Sunday, 14 October 2007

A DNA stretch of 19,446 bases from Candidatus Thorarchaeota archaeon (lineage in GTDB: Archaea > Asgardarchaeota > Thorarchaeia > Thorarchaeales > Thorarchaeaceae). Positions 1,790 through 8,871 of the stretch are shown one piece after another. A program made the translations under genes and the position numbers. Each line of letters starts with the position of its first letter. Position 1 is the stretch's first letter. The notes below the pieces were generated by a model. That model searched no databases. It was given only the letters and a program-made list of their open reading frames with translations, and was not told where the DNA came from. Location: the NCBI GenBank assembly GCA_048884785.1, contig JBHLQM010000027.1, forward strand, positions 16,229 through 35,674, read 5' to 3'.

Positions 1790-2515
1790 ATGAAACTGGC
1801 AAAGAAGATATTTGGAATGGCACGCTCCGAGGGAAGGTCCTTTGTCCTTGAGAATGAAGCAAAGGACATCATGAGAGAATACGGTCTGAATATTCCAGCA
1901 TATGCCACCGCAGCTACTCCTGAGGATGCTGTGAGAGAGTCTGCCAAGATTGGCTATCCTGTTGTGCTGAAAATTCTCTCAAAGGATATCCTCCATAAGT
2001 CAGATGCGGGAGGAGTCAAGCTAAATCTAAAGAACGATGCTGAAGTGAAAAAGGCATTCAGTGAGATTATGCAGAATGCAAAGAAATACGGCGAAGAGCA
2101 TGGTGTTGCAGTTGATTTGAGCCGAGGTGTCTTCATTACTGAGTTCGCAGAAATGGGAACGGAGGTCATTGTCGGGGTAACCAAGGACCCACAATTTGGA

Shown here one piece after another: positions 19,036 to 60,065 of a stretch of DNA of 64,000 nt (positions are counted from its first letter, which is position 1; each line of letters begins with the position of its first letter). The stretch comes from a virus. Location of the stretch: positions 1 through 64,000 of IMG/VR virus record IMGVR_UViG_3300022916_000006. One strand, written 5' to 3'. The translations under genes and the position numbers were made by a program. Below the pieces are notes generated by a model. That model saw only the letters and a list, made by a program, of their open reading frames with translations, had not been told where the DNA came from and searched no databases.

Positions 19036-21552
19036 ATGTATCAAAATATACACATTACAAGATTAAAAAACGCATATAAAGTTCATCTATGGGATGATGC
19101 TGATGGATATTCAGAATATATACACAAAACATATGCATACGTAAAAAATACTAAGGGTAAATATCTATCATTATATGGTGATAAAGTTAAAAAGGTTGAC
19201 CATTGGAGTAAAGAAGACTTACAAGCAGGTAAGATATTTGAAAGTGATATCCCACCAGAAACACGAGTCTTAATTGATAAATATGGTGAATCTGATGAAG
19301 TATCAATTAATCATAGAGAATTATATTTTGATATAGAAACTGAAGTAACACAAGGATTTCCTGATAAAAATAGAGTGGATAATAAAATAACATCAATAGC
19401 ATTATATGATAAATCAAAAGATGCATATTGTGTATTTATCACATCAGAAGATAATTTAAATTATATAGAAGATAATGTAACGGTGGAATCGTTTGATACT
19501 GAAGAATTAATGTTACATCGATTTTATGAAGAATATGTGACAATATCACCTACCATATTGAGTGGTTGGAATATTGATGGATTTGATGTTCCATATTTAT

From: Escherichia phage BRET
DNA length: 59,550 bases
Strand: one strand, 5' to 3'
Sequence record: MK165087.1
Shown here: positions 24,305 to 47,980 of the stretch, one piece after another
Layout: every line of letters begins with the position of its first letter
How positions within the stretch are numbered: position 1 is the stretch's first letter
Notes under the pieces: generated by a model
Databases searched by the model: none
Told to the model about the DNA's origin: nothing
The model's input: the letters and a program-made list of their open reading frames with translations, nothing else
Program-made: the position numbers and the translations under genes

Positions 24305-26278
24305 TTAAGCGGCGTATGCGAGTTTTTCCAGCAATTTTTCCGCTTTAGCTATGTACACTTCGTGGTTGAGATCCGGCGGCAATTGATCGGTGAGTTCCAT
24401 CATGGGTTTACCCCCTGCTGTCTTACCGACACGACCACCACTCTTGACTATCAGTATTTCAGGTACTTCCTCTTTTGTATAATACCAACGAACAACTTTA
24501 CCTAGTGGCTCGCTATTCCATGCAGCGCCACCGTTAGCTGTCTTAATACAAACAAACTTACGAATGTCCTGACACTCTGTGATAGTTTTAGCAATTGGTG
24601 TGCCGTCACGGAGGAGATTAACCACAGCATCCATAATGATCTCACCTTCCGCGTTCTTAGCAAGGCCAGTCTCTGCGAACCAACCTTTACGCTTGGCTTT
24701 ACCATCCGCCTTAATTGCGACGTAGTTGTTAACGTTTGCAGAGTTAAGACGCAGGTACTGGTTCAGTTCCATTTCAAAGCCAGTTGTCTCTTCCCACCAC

It's a strange notion, 'perfection', and doubly strange as an ideal ('be ye therefore perfect' and so on). If perfection is perceived as a negative ideal then such perfection becomes a sort of vacuum state (Northrop Frye: 'if this idea of "pure" perfection is pressed a little further it dissolves in negatives, as all abstract ideas do. God is infinite, inscrutable, incomprehensible, all negative words, and a negative communion with some undefined ineffability is its highest development'; [p.37]). Attempts to define perfection in positive terms (such that perfection implies being fully grown or mature) are similarly unconvincing. What's strange about positing perfection as an absolute is that it is a thoroughly dialectical piece of terminology: the perfection of my health is the imperfection of my disease; the perfection of my heart is the imperfection of my head and so on. We need to decode 'be ye therefore perfect' not as 'be ye complete', but be ye becoming--in fact, as be ye incomplete.